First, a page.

So good luck Sony, perhaps it’s all Karma for what you did to poor George.

Source: Network World

Posted in: Legal Issues, Privacy

Topic: Legal Issues, Privacy


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pytbull – Intrusion Detection/Prevention System (IDS/IPS) Testing Framework

Keep on Guard!


pytbull is an Intrusion Detection/Prevention System (IDS/IPS) Testing Framework for Snort, Suricata and any IDS/IPS that generates an alert file. It can be used to test the detection and blocking capabilities of an IDS/IPS, to compare IDS/IPS, to compare configuration modifications and to check/validate configurations.

The framework is shipped with about 300 tests grouped in 9 testing modules:

  • clientSideAttacks: this module uses a reverse shell to provide the server with instructions to download remote malicious files. This module tests the ability of the IDS/IPS to protect against client-side attacks.
  • testRules: basic rules testing. These attacks are supposed to be detected by the rules sets shipped with the IDS/IPS.
  • badTraffic: Non RFC compliant packets are sent to the server to test how packets are processed.
  • fragmentedPackets: various fragmented payloads are sent to server to test its ability to recompose them and detect the attacks.
  • multipleFailedLogins: tests the ability of the server to track multiple failed logins (e.g. FTP). Makes use of custom rules on Snort and Suricata.
  • evasionTechniques: various evasion techniques are used to check if the IDS/IPS can detect them.
  • shellCodes: send various shellcodes to the server on port 21/tcp to test the ability of the server to detect/reject shellcodes.
  • denialOfService: tests the ability of the IDS/IPS to protect against DoS attempts
  • pcapReplay: enables to replay pcap files

It is easily configurable and could integrate new modules in the future.

There are basically 6 types of tests:


  • socket: open a socket on a given port and send the payloads to the remote target on that port.
  • command: send command to the remote target with the subprocess.call() python function.
  • scapy: send special crafted payloads based on the Scapy syntax
  • multiple failed logins: open a socket on port 21/tcp (FTP) and attempt to login 5 times with bad credentials.
  • client side attacks: use a reverse shell on the remote target and send commands to it to make them processed by the server (typically wget commands).
  • pcap replay: enables to replay traffic based on pcap files

The official documentations is available here: pytbull documentation.

Changes/Improvements in V1.1

  • Issue #2 fixed (test number incrementing twice just after the last test from multipleFailedLogins test)
  • Issue #3 fixed (pcapReplay module not present in the checks on STDOUT)
  • Code factoring in pytbull.py
  • Timing options are now in parameters (config.cfg)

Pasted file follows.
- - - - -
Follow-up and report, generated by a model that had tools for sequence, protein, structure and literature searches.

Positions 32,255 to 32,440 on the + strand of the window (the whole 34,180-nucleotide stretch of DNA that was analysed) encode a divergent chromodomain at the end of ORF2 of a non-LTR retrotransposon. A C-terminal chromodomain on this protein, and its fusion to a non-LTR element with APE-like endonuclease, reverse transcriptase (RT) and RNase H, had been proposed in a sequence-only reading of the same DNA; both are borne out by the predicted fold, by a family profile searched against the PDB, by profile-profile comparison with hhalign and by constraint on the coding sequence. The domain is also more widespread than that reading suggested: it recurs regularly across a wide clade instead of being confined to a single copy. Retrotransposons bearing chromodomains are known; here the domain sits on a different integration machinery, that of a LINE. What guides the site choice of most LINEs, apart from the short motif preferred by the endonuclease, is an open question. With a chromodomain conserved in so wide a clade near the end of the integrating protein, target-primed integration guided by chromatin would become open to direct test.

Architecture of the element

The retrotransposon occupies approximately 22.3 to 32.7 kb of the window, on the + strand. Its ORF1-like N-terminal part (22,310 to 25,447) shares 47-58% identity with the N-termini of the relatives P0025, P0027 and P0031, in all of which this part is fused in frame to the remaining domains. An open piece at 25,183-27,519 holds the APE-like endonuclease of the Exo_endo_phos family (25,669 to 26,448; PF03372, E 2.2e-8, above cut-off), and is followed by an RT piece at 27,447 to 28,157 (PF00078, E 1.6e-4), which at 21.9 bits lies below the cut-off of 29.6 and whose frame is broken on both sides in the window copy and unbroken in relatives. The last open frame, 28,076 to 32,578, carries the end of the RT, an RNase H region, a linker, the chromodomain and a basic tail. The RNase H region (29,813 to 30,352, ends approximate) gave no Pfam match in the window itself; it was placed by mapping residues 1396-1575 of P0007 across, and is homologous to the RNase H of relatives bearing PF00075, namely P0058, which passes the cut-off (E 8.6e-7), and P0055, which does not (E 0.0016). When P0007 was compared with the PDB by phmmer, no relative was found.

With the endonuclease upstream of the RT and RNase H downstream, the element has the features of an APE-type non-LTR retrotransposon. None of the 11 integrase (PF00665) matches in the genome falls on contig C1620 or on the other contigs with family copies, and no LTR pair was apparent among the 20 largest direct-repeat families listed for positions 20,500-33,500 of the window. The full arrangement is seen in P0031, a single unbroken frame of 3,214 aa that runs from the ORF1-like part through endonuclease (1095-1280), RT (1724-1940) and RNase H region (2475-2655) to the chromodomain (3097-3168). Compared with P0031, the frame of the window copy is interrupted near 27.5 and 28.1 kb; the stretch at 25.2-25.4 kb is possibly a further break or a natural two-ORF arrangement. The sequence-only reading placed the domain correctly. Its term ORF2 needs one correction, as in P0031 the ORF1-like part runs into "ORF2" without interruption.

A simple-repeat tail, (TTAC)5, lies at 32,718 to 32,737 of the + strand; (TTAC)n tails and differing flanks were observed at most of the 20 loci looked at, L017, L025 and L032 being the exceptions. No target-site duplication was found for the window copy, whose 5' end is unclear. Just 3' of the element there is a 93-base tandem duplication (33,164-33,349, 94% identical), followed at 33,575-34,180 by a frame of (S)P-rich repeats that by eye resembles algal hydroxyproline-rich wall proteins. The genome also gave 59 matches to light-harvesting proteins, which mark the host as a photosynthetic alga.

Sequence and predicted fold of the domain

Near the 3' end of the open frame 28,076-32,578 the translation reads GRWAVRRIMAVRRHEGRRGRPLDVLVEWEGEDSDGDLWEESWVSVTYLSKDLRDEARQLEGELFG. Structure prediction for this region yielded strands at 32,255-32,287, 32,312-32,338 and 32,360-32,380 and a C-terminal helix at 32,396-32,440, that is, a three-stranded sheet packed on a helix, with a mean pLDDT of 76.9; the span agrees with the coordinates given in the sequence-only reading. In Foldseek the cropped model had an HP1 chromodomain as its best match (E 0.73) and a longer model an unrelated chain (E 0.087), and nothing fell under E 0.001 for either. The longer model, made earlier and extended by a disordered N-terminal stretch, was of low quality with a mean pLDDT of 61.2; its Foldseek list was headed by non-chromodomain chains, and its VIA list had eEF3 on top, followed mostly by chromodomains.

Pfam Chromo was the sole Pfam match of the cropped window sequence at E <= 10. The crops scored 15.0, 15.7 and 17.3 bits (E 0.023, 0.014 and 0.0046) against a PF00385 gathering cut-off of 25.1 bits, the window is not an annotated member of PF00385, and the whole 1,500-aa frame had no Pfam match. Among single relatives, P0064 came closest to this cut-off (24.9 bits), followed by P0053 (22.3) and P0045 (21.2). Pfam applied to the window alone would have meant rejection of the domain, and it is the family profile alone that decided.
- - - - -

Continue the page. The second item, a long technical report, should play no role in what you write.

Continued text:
• Automatically checks and informs if a new version is available (use PROXY section in the configuration file if needed)
  • New basic checks: Checks that paths are valid
  • SVN tags added in source code

You can download pytbull here:

pytbull-2.0.tar.bz2

Or read more here.

Posted in: Countermeasures, Networking Hacking, Security Software

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Mac Malware Becoming a Serious Threat

Outsmart Malicious Hackers


Malware on the ubiquitous Apple platform has always been scoffed at by Mac users, and it was fair enough really. There weren’t a whole lot of Mac users so the effort to develop malware for the Mac platform really wasn’t worth it.

The platform has exploded though with Macs being the weapon of choice for all the hipsters and yuppies out there, we wrote about Apple Struggling With Security & Malware back in 2009.

In 2010 we saw Sophos Launch a FREE Anti-Virus Software For Mac and in 2011 we saw a JAVA based cross platform trojan that also effected Mac machines.

Apple — and many Mac users — argue that Mac OS X has a special recipe for security that makes it less likely to be infected with malware. Many security researchers counter that the Mac’s seeming immunity stems not from its security, but from its lack of market share.

The debate may finally be settled. The emergence of a serious malware construction kit for the Mac OS X seems to mimic a 2008 prediction by a security researcher. The prediction comes from a paper written in IEEE Security & Privacy, which used game theory to predict that Macs would become a focus for attackers as soon as Apple hit 16 percent market share.

Last week, security researchers pointed to a construction kit for creating Trojans for the Mac OS X as a major issue for Mac users. Currently, three countries — Switzerland, Luxembourg and the United States — have Mac market share around that level.

“The kit is being sold under the name Weyland-Yutani Bot and it is the first of its kind to hit the Mac OS platform,” Peter Kruse, partner and security specialist at security firm CSIS, writes in a blog post. “CSIS finds this crimekit to be quite disturbing news since Mac OS previously to some degree has been spared from the increasing amount of malware which has haunted Windows-based systems for years.”